Let’s finally put an end to the debate of raw vs. cooked. Which contains the most
vitamins and minerals?
Of course, in the grand scheme of a well-balanced, nutrient-dense, varied, whole foods diet, the cooked vs. raw debate isn't that critical for most people.
This can become important when there are deficiencies. These may be due to digestion or absorption issues, or avoidance of certain foods (due to allergies, intolerances, or choice).
The answer isn't as simple as "raw is always better" or "cooked is always better." As with most nutrition science, it depends on several factors. Some vitamins are destroyed in cooking, while others become easier to absorb. Let's take a look.
Foods to eat raw:
As a general rule, water soluble nutrients, like vitamin C and the B vitamins, found mostly in fruits and vegetables, are best eaten raw. The reason why is two-fold.
First, when these nutrients are heated, they tend to degrade; this is from any heat, be it steaming, boiling, roasting, or frying. Vitamin C and the B vitamins are a bit more "delicate" and susceptible to heat than many other nutrients.
Of course, the obvious way to combat these nutrient losses is to eat high vitamin C and B containing foods in their raw form (salad) or to cook them for as short a time as possible (quickly steaming or blanching).
Fun fact: Raw spinach can contain three times the amount of vitamin C as cooked spinach.
The second reason why foods high in vitamin C and the B vitamins are best eaten raw is that they're "water soluble." So, guess where the vitamins go when they're cooked in water? Yes, they're dissolved right into the water; this is particularly true for fruits and veggies that are boiled and poached but even for foods that steamed as well.
Of course, savvy chef, you’ll probably keep that liquid to use in your next soup or sauce to preserve those nutrients that are left after cooking. Just don’t overheat it or you may lose what you were aiming to keep.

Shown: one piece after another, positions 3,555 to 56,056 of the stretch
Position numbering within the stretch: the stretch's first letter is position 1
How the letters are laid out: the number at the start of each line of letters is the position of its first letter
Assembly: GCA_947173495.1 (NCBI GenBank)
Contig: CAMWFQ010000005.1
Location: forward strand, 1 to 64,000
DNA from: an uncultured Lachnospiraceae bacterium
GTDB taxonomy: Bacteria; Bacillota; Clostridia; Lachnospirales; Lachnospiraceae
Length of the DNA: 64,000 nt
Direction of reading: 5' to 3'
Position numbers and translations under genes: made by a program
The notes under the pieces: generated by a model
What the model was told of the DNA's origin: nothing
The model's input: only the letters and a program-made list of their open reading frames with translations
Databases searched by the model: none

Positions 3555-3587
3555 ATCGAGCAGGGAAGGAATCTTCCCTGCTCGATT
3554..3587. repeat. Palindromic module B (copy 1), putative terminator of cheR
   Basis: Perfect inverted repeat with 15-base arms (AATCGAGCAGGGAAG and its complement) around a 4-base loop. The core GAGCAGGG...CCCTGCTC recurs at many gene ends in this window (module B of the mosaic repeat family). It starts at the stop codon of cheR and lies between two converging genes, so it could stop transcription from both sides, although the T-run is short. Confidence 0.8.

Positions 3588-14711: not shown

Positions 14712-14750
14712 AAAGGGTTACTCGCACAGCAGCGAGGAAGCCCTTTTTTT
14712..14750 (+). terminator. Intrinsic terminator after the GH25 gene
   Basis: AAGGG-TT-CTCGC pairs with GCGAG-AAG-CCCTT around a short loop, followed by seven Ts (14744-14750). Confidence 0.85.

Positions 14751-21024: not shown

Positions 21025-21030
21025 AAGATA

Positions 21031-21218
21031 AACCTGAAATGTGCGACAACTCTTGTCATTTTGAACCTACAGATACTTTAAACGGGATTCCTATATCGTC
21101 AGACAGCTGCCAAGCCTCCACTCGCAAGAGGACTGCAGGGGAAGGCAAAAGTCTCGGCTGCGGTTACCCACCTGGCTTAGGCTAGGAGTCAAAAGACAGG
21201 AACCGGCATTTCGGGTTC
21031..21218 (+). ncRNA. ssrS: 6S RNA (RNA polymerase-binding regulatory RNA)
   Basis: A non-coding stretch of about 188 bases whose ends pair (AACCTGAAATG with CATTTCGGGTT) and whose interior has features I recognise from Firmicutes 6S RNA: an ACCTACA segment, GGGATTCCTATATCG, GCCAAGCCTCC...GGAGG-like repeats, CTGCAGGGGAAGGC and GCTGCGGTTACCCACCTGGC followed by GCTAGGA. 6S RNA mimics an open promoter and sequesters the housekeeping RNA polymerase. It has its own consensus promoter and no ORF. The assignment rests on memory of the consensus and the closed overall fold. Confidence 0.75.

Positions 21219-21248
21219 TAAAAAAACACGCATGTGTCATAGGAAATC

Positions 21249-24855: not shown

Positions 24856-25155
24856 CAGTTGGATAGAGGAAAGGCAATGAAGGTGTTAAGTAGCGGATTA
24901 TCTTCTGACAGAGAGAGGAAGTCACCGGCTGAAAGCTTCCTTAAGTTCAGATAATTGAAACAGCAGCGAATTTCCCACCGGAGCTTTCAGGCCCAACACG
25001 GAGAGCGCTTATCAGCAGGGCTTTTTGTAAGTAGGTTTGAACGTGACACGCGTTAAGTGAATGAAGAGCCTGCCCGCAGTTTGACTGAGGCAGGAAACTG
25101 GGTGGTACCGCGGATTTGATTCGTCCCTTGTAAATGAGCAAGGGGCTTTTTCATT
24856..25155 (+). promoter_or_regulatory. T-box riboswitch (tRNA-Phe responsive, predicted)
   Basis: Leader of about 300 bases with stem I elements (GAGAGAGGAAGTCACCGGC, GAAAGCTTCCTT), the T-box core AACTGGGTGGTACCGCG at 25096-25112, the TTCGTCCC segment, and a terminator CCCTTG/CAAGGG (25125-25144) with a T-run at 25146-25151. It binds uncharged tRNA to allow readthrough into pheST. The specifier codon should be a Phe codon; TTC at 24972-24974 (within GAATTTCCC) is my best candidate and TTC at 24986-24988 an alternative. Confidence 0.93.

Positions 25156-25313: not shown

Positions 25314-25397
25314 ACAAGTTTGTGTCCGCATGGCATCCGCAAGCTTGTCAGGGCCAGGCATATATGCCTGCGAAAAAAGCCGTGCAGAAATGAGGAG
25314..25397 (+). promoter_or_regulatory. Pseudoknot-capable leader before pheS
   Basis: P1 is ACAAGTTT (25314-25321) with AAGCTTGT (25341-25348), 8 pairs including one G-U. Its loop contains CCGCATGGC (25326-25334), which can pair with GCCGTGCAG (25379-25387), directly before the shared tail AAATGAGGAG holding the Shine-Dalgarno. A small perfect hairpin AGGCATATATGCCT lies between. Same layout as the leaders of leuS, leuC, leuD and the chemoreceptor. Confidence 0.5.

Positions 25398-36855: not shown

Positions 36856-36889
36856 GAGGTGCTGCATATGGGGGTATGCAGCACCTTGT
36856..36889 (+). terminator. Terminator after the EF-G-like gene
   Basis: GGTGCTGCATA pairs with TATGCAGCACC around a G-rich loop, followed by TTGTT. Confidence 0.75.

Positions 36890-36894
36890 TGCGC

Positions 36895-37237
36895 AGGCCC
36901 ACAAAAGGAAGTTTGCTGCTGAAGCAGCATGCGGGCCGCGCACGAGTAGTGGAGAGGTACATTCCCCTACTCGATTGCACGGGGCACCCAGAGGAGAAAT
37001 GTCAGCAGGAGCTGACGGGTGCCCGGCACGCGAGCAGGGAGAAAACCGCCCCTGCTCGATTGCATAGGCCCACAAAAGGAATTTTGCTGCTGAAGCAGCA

But, how much loss are we talking about? Well, of course, it ranges but can go from as low as 15%, up to over 50%.
In short, the water soluble vitamins like vitamin C and the B vitamins degrade with heat and some of what's left over after they're heated dissolves into the cooking water. So be sure to cook your fruits and veggies as little as possible, and keep that cooking water to use in your next recipe.
Foods to eat cooked
Cooking certain orange and red “beta-carotene rich” veggies (e.g. tomatoes, carrots, & sweet potatoes) can help make this pre-vitamin A compound more absorbable.
Fun fact: One study found that absorption of beta-carotene was 6.5 times greater in stir-fried carrots than in raw carrots!
Of course, eating your fat-soluble vitamins with a bit of fat will help you to absorb more of them, so it may be the oil you are cooking them in that helps with the absorption.
One vegetable that’s best eaten both raw and cooked? Spinach!
And I’m not just saying this because I enjoy eating spinach, any which way. It contains so many beneficial compounds that it's great eaten both raw and cooked. Eating raw spinach preserves the water-soluble vitamins C & the B vitamins. Eating spinach cooked allows the pre-vitamin A, as well as some of the minerals like iron to be better absorbed. Not to mention how much spinach reduces in size when it’s cooked, so it’s easier to eat more cooked than raw spinach.
Make sure you eat a variety of nutrient-dense whole foods, raw and cooked.
Recipe: Sauteed Spinach
2 teaspoons olive oil
2 cloves garlic
1 bag baby spinach leaves
1 dash salt
1 dash black pepper
1. In a large cast iron pan heat olive oil.
2. Add garlic and saute for 1 minute.
3. Add spinach, salt, pepper and toss with garlic and oil.
4. Cover pan and cook on low for about 2 minutes.
5. Saute cook spinach for another minute, stirring frequently, until all the spinach is wilted.
6. Squeeze fresh lemon juice on top.
Tip: Enjoying the cooked spinach with the vitamin C in the “raw” lemon juice helps your body absorb more of the iron.